As levels of carbon dioxide rise in the atmosphere due to fossil fuel burning and other human-caused pollution, it changes water chemistry, hurting survival of crab larvae.
The Dungeness crab fishery could decline West Coastwide, a new study has found, threatening a fishing industry worth nearly a quarter-billion dollars a year.
Scientists at the Northwest Fisheries Science Center in Seattle found that pH levels likely in West Coast waters by 2100 at current rates of greenhouse-gas pollution would hurt the survivability of crab larvae.
Increasing ocean acidification is predicted to harm a wide range of sea life unable to properly form calcium carbonate shells as the pH drops. Now scientists at the NOAA’s Northwest Fishery Science Center of Seattle also have learned that animals with chitin shells — specifically Dungeness crabs — are affected, because the change in water chemistry affects their metabolism.
Carbon dioxide, a potent greenhouse gas, is pumped into the atmosphere primarily by the burning of fossil fuels. Levels of atmospheric C02 have been steadily rising since the Industrial Revolution in 1750 and today are higher than at any time in the past 800,000 years — and predicted to go higher.
When carbon dioxide mixes with ocean water it lowers the pH. By simulating the conditions in tanks of seawater at pH levels likely to occur in West Coast waters with rising greenhouse gas pollution, scientists were able to detect both a slower hatch of crab larvae, and poorer survival by the year 2100.
That in turn likely would cause a decline in the population of a fishery that is of economic importance to tribal and nontribal fishers alike. The total value of the 2014 Dungeness crab catch in Alaska, California, Oregon and Washington was $211.5 million, according to data provided by NOAA fisheries.
Most Read Local Stories
- Central District shooting injures 4, including 2-year-old in critical condition, Seattle police say
- You return $10,000 found on Issaquah road: Your reward?
- Cops for $1,000 a day: How Seattle spends millions hiring off-duty police officers but does little to monitor their moonlighting
- Inslee: Pierce, Cowlitz and Whitman counties must tighten COVID-19 restrictions as Washington cases rise
- Coronavirus daily news updates, April 12: What to know today about COVID-19 in the Seattle area, Washington state and the world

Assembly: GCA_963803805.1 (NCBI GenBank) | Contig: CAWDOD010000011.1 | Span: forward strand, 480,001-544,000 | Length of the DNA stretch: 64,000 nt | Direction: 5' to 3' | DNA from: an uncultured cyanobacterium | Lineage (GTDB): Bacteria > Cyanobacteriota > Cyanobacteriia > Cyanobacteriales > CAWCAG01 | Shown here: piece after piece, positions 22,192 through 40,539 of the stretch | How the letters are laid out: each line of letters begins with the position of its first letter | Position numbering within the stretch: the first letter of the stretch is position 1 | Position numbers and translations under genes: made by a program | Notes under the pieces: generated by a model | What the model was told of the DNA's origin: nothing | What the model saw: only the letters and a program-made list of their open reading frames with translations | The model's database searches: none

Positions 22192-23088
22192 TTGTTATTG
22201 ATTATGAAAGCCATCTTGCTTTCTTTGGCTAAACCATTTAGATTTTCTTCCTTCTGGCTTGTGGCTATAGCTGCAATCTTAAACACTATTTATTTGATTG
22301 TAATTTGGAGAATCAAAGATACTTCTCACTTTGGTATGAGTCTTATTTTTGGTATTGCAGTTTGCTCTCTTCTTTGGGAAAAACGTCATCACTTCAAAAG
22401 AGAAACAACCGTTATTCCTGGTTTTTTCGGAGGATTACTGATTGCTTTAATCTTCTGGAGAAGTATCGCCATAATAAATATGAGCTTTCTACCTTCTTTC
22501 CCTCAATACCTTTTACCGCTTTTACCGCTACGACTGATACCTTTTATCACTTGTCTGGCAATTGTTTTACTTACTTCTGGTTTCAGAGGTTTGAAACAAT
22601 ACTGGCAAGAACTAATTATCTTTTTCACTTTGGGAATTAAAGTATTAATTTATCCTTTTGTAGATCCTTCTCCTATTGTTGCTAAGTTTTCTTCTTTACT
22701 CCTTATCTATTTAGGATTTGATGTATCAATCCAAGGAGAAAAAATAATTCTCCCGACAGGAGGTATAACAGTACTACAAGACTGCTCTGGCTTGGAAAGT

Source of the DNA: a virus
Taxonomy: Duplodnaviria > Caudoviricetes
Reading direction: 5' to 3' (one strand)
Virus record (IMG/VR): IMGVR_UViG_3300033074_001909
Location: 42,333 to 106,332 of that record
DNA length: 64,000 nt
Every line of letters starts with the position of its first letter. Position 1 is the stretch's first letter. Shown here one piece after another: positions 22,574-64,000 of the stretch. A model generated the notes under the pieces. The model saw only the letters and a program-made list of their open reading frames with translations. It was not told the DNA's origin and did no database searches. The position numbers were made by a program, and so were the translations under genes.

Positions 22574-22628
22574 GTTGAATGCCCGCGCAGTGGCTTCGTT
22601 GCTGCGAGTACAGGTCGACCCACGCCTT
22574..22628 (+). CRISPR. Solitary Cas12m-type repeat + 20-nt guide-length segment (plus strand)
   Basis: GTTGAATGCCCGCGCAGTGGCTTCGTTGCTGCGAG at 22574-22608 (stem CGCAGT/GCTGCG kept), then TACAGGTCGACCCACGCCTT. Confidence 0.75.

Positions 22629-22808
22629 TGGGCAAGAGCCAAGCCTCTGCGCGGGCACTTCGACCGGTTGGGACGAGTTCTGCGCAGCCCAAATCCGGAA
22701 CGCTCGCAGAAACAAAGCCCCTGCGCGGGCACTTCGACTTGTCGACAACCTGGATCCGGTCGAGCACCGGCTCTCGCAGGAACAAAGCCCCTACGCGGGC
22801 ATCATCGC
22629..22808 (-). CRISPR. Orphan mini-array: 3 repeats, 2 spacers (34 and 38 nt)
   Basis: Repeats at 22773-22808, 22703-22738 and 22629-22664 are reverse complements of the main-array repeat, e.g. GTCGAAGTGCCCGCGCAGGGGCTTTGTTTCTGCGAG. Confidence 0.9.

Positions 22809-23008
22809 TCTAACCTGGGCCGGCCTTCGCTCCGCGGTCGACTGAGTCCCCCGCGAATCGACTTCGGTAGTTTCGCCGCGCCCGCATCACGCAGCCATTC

The crab fishery is of great cultural importance, too, a birthright of tribal and nontribal Northwest residents for whom fresh-caught Dungeness crab defines part of what it means to live here.
Crab larvae also are an important food source for a wide range of sea life, including salmon.
Dungeness crab, Cancer magister, is a denizen of coastal and Puget Sound waters. Adults occur in the inshore waters where pH today in summer can be as high as 7.6, but in the future, are predicted to lower to 7.1.
Using eggs and larvae from females captured in Puget Sound, scientists determined the hatching success, larval survival and larval development rate at three pH levels: 8.0, 7.5 and 7.1
Three to four times more larvae survived in higher pH than the lower pH tanks. Those larvae also were slower to hatch, said Paul McElhany, a research ecologist at the Northwest Fisheries Science Center and senior author of the paper, published online in the scientific journal Marine Biology last month.
While the eggs studied were taken from crabs collected in Puget Sound, “There’s no reason to suspect coastal crabs would respond differently,” McElhany said.
His lab is continuing to examine effects of acidifying seas on other living things. Next up are salmon, where he wants to learn if acidification affects olfactory capacities, potentially damaging the ability to navigate to their home waters.
Other fish species have been found to be harmed by acidifying waters, including clown fish, which mistake predators for prey as pH plummets.
While effects predicted in the research are forecast for the year 2100, levels of acidification could plunge lower sooner, depending on whether levels of greenhouse-gas pollution are brought under control.
“There is some uncertainty about when we reach these levels,” McElhany said.